California Supreme Court to Address De Minimis Time
Topics: Wage & Hour Issues
Last week, the California Supreme Court agreed to review Troester v. Starbucks, a case involving the issue of whether de minimis work time must be compensated under California law. In Troester, the plaintiff was a former employee of Starbucks who sued the coffee giant because he was not paid for certain closing-related activities such as time spent walking out of the store after activating the alarm and time spent locking the door -- activities that took a minute or two and effectively had to be performed after the plaintiff clocked out on Starbucks' timekeeping software. Plaintiff sued for unpaid wages under California law. A federal district court in California granted summary judgment in favor of Starbucks, ruling that this "work" time was de minimis and that Plaintiff was not owed compensation for it. Plaintiff appealed to the Ninth Circuit. Rather than decide the issue on the merits, the Ninth Circuit certified the issue to the California Supreme Court (because the issue is one of California law). Specifically, the Ninth Circuit asked the state high court for its opinion on whether California law recognizes a de minimis standard similar to the de minimis standard that has been recognized and applied under the Fair Labor Standards Act for decades. Last week, the California Supreme Court agreed to decide this issue for the Ninth Circuit.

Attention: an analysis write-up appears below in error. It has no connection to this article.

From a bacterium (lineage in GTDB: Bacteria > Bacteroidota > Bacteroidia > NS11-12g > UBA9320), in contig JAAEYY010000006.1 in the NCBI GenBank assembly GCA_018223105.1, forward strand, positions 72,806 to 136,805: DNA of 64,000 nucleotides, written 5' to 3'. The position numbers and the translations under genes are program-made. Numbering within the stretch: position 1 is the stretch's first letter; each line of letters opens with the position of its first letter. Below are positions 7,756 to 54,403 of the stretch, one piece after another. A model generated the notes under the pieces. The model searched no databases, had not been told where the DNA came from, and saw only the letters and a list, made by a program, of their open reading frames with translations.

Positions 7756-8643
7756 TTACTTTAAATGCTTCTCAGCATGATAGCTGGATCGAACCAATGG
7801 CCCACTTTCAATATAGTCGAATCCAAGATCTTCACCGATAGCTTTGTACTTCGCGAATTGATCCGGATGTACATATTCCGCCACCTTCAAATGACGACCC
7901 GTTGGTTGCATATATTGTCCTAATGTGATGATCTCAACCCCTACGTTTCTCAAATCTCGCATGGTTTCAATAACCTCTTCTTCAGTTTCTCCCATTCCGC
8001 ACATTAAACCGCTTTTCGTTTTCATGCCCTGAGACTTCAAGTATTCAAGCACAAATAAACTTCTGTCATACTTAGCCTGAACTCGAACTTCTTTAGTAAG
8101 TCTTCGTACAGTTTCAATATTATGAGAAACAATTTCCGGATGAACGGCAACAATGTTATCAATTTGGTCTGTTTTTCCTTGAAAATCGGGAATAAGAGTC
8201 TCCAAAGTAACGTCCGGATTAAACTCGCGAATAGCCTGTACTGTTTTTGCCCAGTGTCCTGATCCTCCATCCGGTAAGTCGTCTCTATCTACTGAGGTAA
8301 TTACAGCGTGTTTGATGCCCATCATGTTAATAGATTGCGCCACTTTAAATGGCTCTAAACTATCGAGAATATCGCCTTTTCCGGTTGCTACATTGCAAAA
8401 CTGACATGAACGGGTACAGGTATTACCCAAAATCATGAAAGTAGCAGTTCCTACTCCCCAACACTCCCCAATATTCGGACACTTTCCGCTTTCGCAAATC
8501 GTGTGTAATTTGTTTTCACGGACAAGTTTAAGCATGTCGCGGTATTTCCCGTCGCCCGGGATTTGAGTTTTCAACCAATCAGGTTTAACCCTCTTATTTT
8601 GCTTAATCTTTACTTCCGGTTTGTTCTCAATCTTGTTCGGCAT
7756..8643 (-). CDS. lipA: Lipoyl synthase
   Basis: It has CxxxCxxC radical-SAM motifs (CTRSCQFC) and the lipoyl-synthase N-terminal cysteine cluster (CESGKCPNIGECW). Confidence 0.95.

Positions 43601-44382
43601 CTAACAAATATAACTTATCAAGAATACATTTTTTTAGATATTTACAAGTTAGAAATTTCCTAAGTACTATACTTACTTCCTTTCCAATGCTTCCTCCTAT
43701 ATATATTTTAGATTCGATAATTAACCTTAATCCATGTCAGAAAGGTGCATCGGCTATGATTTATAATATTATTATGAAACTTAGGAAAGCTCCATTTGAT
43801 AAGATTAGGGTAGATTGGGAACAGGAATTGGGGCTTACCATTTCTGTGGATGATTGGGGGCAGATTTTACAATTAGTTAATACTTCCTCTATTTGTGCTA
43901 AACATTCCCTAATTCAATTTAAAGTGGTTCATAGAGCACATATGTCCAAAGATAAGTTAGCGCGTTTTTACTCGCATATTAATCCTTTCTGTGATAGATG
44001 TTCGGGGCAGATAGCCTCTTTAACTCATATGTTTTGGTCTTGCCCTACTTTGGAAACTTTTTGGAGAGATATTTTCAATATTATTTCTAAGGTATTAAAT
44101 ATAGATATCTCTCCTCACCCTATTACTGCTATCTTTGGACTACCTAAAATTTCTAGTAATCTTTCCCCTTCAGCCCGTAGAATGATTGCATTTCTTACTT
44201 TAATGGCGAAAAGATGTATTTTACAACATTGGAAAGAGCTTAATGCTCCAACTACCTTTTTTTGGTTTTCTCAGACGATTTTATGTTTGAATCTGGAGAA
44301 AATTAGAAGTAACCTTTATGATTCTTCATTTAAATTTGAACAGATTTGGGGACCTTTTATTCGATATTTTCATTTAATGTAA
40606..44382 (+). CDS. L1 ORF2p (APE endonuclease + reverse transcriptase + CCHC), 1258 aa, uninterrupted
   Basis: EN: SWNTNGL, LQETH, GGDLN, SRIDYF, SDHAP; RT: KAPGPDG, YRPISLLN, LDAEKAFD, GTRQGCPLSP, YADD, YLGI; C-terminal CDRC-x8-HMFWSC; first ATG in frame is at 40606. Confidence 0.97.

Although a decision likely is a year or more away, it will provide useful guidance for California employers and for California employment law practitioners. There is no reason why the de minimis doctrine should not apply under California law, just as it does under the FLSA. Indeed, the state's Department of Labor Standards Enforcement itself has endorsed the de minimis standard. However, many plaintiffs' lawyers nonetheless argue that California wage and hour law is more protective of employees than the FLSA and that California does not recognize a de minimis standard whereby de minimis time worked need not be compensated. Stay tuned to see how the California Supreme Court decides the issue.